Ivelin Radkov - Fotolia
Server management and monitoring is an essential part of data center administration. It requires a holistic view of the servers you'll need to manage, a thought-out monitoring strategy and careful preparation of what to do once your servers stop working. And, in an industry saturated by cloud and colocation, server management increasingly requires a plan to move equipment off premises.
Here are tips to hone your server management and monitoring strategy, taking the needs of your IT environment into consideration.
Don't let documentation be tedious
To effectively manage your servers, you'll need proper documentation. Collect as much information as possible about your server, from serial number and model to SCSI details and interface type. If it's a virtualized server, you'll need to include virtualization vendor, hypervisor product and version in the inventory.
This process can be extremely tedious if done by hand, but you can use custom scripts, such as those in Windows Server PowerShell, to automatically capture server configurations and inventories. Implement a comprehensive change management strategy to prevent making any system changes that cause accidental disruptions to other systems. For example, Microsoft's desired state configuration ensures that each hardware or software component doesn't change from its known state.
Monitoring is key to prevent resource waste
Although consolidation and virtualization have decreased space issues in today's data centers, 30% of servers are considered comatose or "zombie servers," according to the Uptime Institute. These servers suck expensive resources without offering any usefulness. Either directly or indirectly, zombie servers unnecessarily hog power and cooling energy.
Careful server management and monitoring is crucial to combat zombie systems. First, choose either a data center infrastructure management (DCIM) platform, a configuration management database or a homemade automated tool. With the tool of your choosing, monitor CPU utilization and power draw, and then identify underused resources to spot and eliminate zombie servers. An alternative option is to assign a staff member to regularly measure and benchmark server utilization rates.
Upgrade or replace?
A critical part of any server monitoring and management strategy is the decision of whether to upgrade or completely replace aging systems. It's usually more cost-effective to simply upgrade, but there are other factors to consider as well, such as growth curve and performance. If your memory or storage upgrade doesn't last until your next budget cycle, it can ultimately be more costly for your organization.
If your server can accommodate a solid-state drive, moving it from a spinning disk drive can dramatically increase performance. But this upgrade can cause performance concerns, as well -- improvement to one part of the system may force other parts to try to keep up, which can create bottlenecks.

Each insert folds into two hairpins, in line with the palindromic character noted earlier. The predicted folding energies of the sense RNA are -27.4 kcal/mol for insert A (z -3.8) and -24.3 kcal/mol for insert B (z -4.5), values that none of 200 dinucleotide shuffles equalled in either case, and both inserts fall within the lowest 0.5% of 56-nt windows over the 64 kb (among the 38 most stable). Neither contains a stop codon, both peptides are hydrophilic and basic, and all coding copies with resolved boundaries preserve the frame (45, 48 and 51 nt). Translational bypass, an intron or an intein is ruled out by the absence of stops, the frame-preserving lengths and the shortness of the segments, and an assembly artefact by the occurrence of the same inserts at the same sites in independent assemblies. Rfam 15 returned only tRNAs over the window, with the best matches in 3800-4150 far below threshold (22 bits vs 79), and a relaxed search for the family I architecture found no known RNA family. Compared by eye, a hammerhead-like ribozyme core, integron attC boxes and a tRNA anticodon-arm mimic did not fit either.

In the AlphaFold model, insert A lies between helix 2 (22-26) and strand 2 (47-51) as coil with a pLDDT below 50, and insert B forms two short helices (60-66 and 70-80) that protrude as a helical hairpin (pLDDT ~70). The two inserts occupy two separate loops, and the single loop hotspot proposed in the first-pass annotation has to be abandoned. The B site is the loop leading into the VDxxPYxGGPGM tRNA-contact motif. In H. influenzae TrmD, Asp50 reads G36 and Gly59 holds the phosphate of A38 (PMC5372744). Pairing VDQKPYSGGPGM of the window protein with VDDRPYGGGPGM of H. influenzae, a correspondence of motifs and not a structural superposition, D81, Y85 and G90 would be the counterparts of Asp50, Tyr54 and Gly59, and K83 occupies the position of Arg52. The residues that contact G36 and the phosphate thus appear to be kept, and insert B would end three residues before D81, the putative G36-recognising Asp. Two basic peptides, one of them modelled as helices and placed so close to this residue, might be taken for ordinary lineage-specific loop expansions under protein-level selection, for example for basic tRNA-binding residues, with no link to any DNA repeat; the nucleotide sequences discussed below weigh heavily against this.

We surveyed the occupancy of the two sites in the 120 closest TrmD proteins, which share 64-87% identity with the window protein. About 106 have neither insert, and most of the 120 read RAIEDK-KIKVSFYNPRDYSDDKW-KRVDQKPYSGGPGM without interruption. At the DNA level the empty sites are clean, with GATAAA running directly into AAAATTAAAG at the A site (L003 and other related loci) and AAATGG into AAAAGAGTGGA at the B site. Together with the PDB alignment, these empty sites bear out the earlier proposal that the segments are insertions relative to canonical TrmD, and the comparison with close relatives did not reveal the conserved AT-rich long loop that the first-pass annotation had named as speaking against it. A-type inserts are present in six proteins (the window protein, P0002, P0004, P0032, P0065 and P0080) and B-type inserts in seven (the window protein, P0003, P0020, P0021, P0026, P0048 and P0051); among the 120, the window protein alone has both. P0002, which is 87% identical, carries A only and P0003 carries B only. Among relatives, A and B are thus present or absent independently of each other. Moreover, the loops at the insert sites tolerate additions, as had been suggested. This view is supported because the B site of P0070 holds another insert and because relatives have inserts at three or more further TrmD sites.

When it comes to an upgrade, the type of server makes a difference. Blade servers are accompanied by strong vendor lock-in, which makes the addition of commercial off-the-shelf (COTS) components difficult. And sometimes, it's not an option to upgrade a blade server because the vendors may not continue making that specific blade family.
Rack servers, on the other hand, are easier to upgrade. A rack server has a lifespan of 3 to 4 years, which falls into the refresh cycles of most organizations. In addition, the option to add COTS components is generally more likely with rack servers, which can make upgrades easier.
Moving prep done right
At some point during your server management and monitoring process, you may need to plan for a move from in-house to a colocation facility -- a process that requires a lot of preparation. Calculate the power, space and cooling that you'll need for the servers that are about to move. Since many colo facilities have their own pre-wired racks, you may need to distribute servers differently and create a new physical map for your equipment.
Determine whether you can afford downtime during the move. If you can, turn off servers dedicated to a specific workload, move them and turn them back on. If not, use virtualized servers to run jobs on a subset of the systems so you can partially shut down servers during the move. It's helpful to appoint a "move manager" to identify and communicate any issues that arise.
On the day of the move, shut down or move apps to other virtual machines before you retire the servers. Tie or tape down the internal and fiber-optic cables to keep them in place. It may be worthwhile to hire a computer-moving company, but either way, you should use an air-cushioned van to transport the servers and avoid bumpy roads on the ride. After the mover delivers and installs the servers, connect the power, cooling systems, switches and routers -- and then do a visual check to make sure that nothing is loose or obtrusive.
Learn about the lock-in risks of blade servers
Explore your options for remote server management and monitoring
Discover tips for IT ops automation